Combatting Predatory Inclusion: the U.S. Department of Education’s new Gainful Employment rule holds for-profit institutions of higher education accountable for the outcomes of Latino students

In the mid-2000s Chicago resident Victoria De La Torre wanted to increase her earnings and prestige as a pastry chef by going back to school for an associates degree in Applied Science. Le Cordon Bleu of North America, a for-profit culinary institute, originally affiliated with a famed culinary school of the same name, looked like a great place to do that. 

–Author Magin Sanchez serves as UnidosUS’s higher education policy analyst.

“Initially drawn to culinary school to pursue my passion for baking, I chose Le Cordon Bleu, expecting the best,” said de La Torre. “Despite promises of a career jumpstart, the reality was that I earned the same as those without culinary school. The school’s open house misled me about job opportunities, and I faced stigma for attending a seemingly pointless institution.”

Like thousands of fellow students who attended Le Cordon Bleu’s 16 U.S.culinary schools, Victoria felt misled by the promises made by the institution. “The touted success stories were outliers,” said De La Torre.“Staff assured me of high future earnings to easily cover tuition, but this wasn’t the case.” Worse, in addition to low earnings, students like de La Torre were left with significant debt burdens. “Ten years post-graduation, I still owe $15,000, even after years of attempted debt repayment.”

It turned out that in 2008, a large number of graduates of Le Cordon Bleu North America, 2,200 to be exact, filed  a class-action suit for similar complaints. In 2015, the Chicago-based for-profit Career Education Corporation that licensed the Le Cordon Bleu name, opted to close all of its 16 U.S, schools, citing the introduction of a 2014 federal education policy known as the gainful employment rule which resulted in their loss of federal financial aid. 

Scenarios like these are common in reports by non-profit educational research organizations such as The Century Foundation, which have spent the past few years looking into the impact and credibility of for-profit higher education institutions. 

Over the past several decades, tens of thousands of students have chased their higher-education dreams through a proliferation of for-profit programs only to discover a mirage. Multiple studies have shown that for-profit institutions often leave students, especially those who are first-generation and hailing from underserved communities, with lower earnings and higher debt burdens than those in similar programs in public or non-profit institutions. 

A 2020 UnidosUS factsheet noted that only 29% of Latinos enrolled in four-year for-profit colleges graduate. Worse yet, more than 76% of such enrolled students took out loans to pay for their education, and were nearly four times as likely to default within 12 years compared to Latinos who attended other institutions. Furthermore, compared to public institutions, students borrowed $10,000 more in loans when attending for-profit institutions.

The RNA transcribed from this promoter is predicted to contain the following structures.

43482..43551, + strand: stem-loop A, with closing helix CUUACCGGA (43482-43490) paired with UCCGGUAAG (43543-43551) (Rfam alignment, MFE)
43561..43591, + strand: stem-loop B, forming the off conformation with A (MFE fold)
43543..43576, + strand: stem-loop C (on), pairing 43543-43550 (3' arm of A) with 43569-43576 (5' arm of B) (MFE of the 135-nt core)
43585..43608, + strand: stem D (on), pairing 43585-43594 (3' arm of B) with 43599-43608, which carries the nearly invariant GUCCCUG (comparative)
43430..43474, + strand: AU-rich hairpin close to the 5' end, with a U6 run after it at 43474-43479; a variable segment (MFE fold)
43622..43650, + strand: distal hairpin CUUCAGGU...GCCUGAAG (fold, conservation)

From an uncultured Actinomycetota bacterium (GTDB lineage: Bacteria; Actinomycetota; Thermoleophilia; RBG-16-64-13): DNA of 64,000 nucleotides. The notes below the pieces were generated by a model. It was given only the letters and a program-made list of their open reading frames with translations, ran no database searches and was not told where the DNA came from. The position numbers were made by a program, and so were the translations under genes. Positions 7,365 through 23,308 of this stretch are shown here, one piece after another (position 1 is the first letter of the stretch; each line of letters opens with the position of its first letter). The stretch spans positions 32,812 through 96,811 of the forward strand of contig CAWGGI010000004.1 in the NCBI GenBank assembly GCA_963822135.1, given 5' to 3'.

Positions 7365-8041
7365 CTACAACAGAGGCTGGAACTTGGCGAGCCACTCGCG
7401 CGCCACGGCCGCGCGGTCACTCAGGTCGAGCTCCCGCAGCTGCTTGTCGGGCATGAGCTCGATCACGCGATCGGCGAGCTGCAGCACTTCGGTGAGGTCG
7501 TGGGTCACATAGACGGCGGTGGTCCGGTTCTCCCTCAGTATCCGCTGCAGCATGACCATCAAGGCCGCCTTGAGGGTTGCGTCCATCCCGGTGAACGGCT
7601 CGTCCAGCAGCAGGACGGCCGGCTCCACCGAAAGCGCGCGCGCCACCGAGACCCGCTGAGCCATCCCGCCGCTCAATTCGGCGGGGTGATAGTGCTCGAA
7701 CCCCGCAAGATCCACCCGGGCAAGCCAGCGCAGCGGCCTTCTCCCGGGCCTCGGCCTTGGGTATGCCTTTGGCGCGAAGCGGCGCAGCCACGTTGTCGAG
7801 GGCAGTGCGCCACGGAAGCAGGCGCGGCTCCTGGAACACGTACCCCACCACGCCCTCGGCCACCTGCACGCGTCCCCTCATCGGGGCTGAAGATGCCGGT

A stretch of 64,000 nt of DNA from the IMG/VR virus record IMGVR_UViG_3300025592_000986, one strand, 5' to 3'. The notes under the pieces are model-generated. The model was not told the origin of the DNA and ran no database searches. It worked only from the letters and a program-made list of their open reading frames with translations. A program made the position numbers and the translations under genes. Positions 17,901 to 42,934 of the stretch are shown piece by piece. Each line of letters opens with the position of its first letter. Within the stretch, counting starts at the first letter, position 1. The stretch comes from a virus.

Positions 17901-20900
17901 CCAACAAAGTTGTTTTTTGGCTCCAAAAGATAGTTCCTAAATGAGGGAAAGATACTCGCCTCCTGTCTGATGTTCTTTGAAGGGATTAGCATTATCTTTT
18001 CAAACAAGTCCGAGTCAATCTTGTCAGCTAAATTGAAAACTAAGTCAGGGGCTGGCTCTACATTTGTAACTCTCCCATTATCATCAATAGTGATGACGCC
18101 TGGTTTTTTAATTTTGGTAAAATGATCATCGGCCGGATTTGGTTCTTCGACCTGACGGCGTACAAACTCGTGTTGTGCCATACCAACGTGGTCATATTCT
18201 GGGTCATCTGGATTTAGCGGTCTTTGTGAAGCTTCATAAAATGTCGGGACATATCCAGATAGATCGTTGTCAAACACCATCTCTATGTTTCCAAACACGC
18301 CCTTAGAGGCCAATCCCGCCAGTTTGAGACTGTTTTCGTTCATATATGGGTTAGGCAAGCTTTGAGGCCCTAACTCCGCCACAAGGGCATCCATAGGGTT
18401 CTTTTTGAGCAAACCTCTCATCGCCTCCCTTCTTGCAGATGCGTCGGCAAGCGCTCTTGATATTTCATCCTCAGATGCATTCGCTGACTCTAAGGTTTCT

As a result, some educational advocates have labeled these for-profit practices predatory inclusion, and the Biden administration has a plan aimed at combating it. 

This past October, the Department of Education (ED) issued new final regulations with the aim of holding higher education institutions accountable for fulfilling their promises of opening the door to economic and social mobility. Tasked with providing students with protections against unaffordable debt or no improvement to their earnings, the newly revitalized Gainful Employment (GE) rule should have life-changing impacts for Latino students. Students who transfer away from failing programs to nearby, higher-value programs could see a near $10,000 increase in annual earnings and a $1,000 reduction in annual debt payments, drastically improving the economic conditions for many Latino students.

First conceived during the Obama administration in 2011, implementation of GE has been a long road fraught with potholes and roadblocks. Based on a provision in the Higher Education Act requiring that non-degree career education programs lead to “gainful employment in a recognized occupation,” the rule established the standard that graduates must leave such programs prepared for well-paying jobs. 

In the 12 years since, the rule has been struck down in federal court, reinstated by ED, illegally derailed, and ultimately repealed by the Trump administration, and has now been reinstated and strengthened by the Biden administration.